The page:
A FaceTime to remember
In addition to paying a pivotal role in Turkey's history, CNN Turk journalist Hande Firat's interview with Turkish President Recep Tayyip Erdoğan over FaceTime managed to carve out a place in national history for Firat herself; in the days since, she has received many congratulatory calls and was even offered $250,000 for the phone she used on air.
As the attempt waged by the Turkish military to overthrow his government began to escalate, Turkish President Recep Tayyip Erdoğan decided to use Apple's FaceTime app to give CNN Turk journalist Hande Firat an interview, calling on the Turkish people to rise up and resist the potential coup. The move paid off, as the rebel forces were met with massive opposition that managed to squash the attempt within two days.
Erdoğan's rule was essentially saved thanks to his use of a new media platform that allowed him to speak directly to his people. The interview he gave on FaceTime is being seen as a new stage in political evolution, granting Firat her own place in Turkish history, as the woman who helped Erdoğan broadcast his message to the world.
The monumental role that Firat was to play in her country's narrative came as a surprise. Recounting the events leading up to the interview, Firat described how she was alerted about events relating to the attempted coup, which prompted her to contact Erdoğan's personal secretary.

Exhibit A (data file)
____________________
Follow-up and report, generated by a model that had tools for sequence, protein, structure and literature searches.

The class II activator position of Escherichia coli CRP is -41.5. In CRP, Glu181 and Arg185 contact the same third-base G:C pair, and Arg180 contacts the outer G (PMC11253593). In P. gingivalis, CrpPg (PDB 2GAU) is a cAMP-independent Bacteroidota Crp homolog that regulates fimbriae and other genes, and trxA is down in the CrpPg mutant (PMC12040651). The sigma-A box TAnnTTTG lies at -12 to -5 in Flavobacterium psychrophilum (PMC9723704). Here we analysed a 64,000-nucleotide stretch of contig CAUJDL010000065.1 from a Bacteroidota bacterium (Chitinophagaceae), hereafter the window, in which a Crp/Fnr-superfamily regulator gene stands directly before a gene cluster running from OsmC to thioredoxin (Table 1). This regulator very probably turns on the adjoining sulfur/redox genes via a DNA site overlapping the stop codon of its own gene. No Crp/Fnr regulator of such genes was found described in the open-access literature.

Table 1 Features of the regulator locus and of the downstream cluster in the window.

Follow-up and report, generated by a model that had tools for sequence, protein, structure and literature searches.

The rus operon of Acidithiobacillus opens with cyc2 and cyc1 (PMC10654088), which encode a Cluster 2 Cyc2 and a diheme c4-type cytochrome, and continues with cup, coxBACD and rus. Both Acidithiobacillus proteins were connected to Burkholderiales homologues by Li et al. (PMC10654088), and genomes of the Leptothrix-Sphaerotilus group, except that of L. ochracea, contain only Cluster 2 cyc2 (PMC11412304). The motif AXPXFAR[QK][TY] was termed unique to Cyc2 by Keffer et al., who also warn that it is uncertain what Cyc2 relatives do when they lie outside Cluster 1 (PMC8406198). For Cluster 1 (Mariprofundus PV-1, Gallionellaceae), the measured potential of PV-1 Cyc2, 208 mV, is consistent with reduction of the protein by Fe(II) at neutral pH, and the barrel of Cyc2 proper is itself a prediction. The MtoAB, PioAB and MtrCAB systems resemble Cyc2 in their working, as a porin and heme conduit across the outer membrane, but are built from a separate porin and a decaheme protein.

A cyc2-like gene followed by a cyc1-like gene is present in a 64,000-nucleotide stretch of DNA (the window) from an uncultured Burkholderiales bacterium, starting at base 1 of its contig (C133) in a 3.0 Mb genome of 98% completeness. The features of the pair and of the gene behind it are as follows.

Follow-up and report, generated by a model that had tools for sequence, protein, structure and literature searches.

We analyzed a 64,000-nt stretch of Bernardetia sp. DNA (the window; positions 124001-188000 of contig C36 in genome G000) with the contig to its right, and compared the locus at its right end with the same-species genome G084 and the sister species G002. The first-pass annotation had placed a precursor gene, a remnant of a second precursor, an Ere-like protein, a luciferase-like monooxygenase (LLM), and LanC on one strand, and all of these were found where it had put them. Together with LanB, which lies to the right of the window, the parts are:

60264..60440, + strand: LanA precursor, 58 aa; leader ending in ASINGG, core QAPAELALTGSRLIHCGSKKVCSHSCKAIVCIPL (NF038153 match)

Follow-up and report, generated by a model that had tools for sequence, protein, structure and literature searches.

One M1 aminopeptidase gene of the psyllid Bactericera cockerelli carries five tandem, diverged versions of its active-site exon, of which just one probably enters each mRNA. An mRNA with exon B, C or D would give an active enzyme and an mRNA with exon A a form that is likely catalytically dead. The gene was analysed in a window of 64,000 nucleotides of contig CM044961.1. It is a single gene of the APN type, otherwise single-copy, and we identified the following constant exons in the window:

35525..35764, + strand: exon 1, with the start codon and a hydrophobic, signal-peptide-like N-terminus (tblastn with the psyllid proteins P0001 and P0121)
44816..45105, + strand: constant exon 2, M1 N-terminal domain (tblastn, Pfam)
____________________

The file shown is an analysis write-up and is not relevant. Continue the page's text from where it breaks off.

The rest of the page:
Upon hearing that army rebel forces had sent helicopters after Erdoğan, they decided to act fast. Firat suggested getting him on the phone for an audio interview, before eventually agreeing on a FaceTime call that would also include a visual feed.
Firat stressed the tension that could be felt throughout the studio during the interview itself, saying that everyone involved, from herself to those in the control room, were in utter shock as to what was happening. Despite trying to keep her composure and deliver a professional broadcast, she admits that her excitement was visible during the interview.
As the dust around the foiled coup settles, Firat adjusts to her role as the woman who gave Erdoğan a platform from which to send out a call to arms. In the days that have passed since, she has received congratulatory phone calls from such places as Saudi Arabia and Oman, in addition to a unique offer over Twitter from a man offering to buy the phone she had used to FaceTime with Erdoğan for $250,000 who had called it "the freedom phone." Despite the lucrative offer, Firat said that she does not plan on selling her phone any time soon.